General McClellan pushed a portion of his troops toward Yorktown at once-toward à line of intrenchments held by the enemy, stretching across the Peninsula. On the fifth of April he wrote to the President, dating his letter "Near Yorktown," and stating that the enemy were in large force in his front, and that they apparently intended to make a determined resistance. At that time, the rebel force at that point, according to subsequent reports by the rebels themselves, did not exceed ten thousand men. No one doubts now that General McClellan's cautiousness betrayed his judgment, and that a strong and well-directed attack would have swept the rebels out of their works.

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In this letter, he began his long-continued complaint of inadequate force. He begged the President to reconsider his order detaching the first corps from his command, as it was his opinion that he should have to fight all the available force of the rebels, not far from the place where he was writing. If he could not have the whole corps, he begged for Franklin and his division. On the sixth, Mr. Stanton replied that Sumner's troops were on the way to him, that Franklin's division was on the advance to Manassas, and that there were no means of transportation to send it forward in time for service in his operations. "All in the power of the government," added the Secretary, "shall be done to sustain you, as occasion may require."

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Another day passed away; and, on the date of Mr. Stanton's dispatch, General McClellan wrote again, begging for Franklin's division, complaining that he had no sufficient transportation, and stating that the order forming new departments deprived him of the power of ordering up wagons and troops, absolutely necessary for his advance on Richmond. He requested that the material he had prepared and necessarily left behind, with wagon trains, ammunition, and Woodbury's brigade, might be subject to his order. Mr. Lincoln immediately telegraphed him that his order for forwarding what he had demanded, including Woodbury's brigade, was not, and would not be interfered with, informing him at the same time that he had then more than one hundred thousand troops with him, independent of those under General Wool's command. Mr. Lincoln closed his dispatch with the words: "I think you had better break the enemy's line from Yorktown to Warwick River at once. They will probably use time as advantageously as you can."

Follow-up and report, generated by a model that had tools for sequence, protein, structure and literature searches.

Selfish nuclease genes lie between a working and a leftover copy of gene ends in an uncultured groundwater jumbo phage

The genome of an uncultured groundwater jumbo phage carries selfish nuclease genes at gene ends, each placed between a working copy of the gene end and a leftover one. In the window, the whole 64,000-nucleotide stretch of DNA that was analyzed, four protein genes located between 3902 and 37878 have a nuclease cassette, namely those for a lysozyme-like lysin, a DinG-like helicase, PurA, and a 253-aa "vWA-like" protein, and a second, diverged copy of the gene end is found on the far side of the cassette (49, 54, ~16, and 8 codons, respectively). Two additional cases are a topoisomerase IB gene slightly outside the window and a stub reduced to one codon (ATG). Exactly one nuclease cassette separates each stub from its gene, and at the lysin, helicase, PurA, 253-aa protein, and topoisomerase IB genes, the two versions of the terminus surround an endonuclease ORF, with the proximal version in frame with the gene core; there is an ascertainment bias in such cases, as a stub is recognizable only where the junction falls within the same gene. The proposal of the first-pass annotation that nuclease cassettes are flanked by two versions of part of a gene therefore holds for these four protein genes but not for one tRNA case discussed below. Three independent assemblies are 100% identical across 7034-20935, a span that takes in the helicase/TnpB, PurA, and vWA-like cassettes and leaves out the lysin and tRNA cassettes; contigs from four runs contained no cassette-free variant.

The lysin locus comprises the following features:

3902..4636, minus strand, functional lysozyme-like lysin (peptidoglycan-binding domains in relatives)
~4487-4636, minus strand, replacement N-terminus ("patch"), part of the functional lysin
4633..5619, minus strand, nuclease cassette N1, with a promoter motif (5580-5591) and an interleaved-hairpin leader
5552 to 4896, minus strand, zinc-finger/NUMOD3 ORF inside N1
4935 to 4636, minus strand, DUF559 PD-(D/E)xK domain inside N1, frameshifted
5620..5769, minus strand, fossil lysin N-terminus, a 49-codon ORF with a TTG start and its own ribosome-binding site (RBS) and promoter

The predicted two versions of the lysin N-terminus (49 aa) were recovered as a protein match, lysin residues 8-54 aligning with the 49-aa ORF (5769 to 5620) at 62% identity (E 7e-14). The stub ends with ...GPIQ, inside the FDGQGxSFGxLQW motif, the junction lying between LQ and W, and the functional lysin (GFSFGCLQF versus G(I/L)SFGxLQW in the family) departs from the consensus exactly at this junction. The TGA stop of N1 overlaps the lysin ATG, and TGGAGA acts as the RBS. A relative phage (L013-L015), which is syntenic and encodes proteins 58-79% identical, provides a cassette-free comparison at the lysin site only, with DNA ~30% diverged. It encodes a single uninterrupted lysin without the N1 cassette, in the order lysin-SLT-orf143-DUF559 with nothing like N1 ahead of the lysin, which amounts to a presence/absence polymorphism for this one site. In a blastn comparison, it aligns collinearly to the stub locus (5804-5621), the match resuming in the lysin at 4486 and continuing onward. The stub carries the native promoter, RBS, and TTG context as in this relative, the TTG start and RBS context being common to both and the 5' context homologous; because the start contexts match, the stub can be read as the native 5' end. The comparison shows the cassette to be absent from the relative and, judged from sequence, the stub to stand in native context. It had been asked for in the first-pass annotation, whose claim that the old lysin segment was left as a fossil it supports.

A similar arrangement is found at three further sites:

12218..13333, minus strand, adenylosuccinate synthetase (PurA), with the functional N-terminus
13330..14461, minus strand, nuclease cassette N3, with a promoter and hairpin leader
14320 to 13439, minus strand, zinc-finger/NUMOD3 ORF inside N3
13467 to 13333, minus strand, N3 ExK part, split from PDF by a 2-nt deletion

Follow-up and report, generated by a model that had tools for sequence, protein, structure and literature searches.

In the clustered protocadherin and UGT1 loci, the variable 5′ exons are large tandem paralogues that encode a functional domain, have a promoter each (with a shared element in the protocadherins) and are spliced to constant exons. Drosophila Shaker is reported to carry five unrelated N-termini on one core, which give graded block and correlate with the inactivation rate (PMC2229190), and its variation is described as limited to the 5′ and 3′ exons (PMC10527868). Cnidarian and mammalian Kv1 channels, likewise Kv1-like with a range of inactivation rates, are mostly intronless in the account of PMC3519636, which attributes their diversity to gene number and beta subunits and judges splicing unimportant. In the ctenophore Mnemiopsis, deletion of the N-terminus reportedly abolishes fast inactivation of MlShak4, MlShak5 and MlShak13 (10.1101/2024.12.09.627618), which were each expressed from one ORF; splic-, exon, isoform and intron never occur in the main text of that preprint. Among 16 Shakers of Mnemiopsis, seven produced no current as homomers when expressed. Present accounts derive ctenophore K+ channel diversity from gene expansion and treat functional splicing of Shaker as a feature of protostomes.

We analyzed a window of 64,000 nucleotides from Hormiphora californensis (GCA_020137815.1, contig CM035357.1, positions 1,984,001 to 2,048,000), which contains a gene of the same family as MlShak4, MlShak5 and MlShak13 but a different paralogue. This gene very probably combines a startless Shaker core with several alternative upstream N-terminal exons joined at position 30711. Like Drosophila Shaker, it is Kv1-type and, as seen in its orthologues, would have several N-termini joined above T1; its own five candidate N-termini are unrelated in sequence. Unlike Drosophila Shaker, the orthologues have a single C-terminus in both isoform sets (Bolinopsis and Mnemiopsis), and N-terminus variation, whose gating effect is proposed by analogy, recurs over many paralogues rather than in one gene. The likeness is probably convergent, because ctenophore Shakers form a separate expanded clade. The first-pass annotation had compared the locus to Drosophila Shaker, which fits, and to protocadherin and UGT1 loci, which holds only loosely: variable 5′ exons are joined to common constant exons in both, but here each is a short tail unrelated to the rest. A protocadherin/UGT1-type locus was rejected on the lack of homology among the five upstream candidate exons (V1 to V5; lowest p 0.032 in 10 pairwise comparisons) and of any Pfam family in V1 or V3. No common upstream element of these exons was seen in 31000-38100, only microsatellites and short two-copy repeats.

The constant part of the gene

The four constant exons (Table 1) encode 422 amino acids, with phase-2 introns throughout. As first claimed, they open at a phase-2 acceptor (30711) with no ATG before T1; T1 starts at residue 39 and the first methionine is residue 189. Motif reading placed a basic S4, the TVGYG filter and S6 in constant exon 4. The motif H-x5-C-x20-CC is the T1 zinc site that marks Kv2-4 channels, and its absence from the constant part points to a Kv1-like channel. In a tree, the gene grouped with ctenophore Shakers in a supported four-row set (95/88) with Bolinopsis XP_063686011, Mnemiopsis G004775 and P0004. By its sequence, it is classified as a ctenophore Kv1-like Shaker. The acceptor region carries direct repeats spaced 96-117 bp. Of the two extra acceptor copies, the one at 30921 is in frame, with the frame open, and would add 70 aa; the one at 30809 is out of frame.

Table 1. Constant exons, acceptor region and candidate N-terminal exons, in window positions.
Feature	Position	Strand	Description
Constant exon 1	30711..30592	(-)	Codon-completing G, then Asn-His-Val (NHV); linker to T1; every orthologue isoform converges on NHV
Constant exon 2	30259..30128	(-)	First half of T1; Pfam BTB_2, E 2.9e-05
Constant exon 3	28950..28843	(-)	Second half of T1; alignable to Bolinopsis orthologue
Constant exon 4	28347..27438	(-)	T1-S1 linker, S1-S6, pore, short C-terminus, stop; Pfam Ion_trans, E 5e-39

Mr. Lincoln, like the whole country, was convinced that there was no such force behind those works as the fears of the General had counted there; and it is now humiliating to learn from the official report of the rebel commander Magruder, that, "with five thousand men, exclusive of the garrisons, we (they) stopped and held in check over one hundred thousand

of the enemy." At Gloucester, Yorktown and Mulberry Island, he was obliged to put garrisons amounting to six thousand men, and he had only five thousand men left to defend a line of thirteen miles. With a hundred thousand men at his back, General McClellan went to work with shovels to begin a regular siege. On the ninth of April, Mr. Lincoln wrote him a letter which is so full of wise counsel, kind criticism, and personal good-will, that it deserves record here:

"My Dear Sir-Your dispatches, complaining that you are not properly sustained, while they do not offend me, do pain me very much. "Blenker's division was withdrawn from you before you left here; and you know the pressure under which I did it, and, as I thought, acquiesced in it-certainly not without reluctance.

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"After you left, I ascertained that less than twenty thousand unorganized men, without a single field battery, were all you designed to be left for the defence of Washington and Manassas Junction; and part of this even was to go to General Hooker's old position. General Banks' corps, once designed for Manassas Junction, was diverted and tied up on the line of Winchester and Strasburg, and could not leave it without again exposing the upper Potomac and the Baltimore and Ohio Railroad. This presented, or would present, when McDowell and Sumner should be gone, a great temptation to the enemy to turn back from the Rappahannock and sack Washington. My implicit order that Washington should, by the judgment of all the commanders of army corps, be left entirely secure, had been neglected. It was precisely this that drove me to detain McDowell.

"I do not forget that I was satisfied with your arrangement to leave Banks at Manassas Junction: but, when that arrangement was broken up, and nothing was substituted for it, of course I was constrained to substitute something for it myself. And allow me to ask, do you really think I should permit the line from Richmond, via Manassas Junction, to this city, to be entirely open, except what resistance could be presented by less than twenty thousand unorganized troops? This is a question which the country will not allow me to evade.

"There is a curious mystery about the number of troops now with you. When I telegraphed you on the sixth, saying you had over a hundred thousand with you, I had just obtained from the Secretary of War a statement taken, as he said, from your own returns, making one hundred and eight thousand then with you and en route to you. now say you will have but eighty-five thousand when all en route to you shall have reached you. How can the discrepancy of twenty-three thousand be accounted for?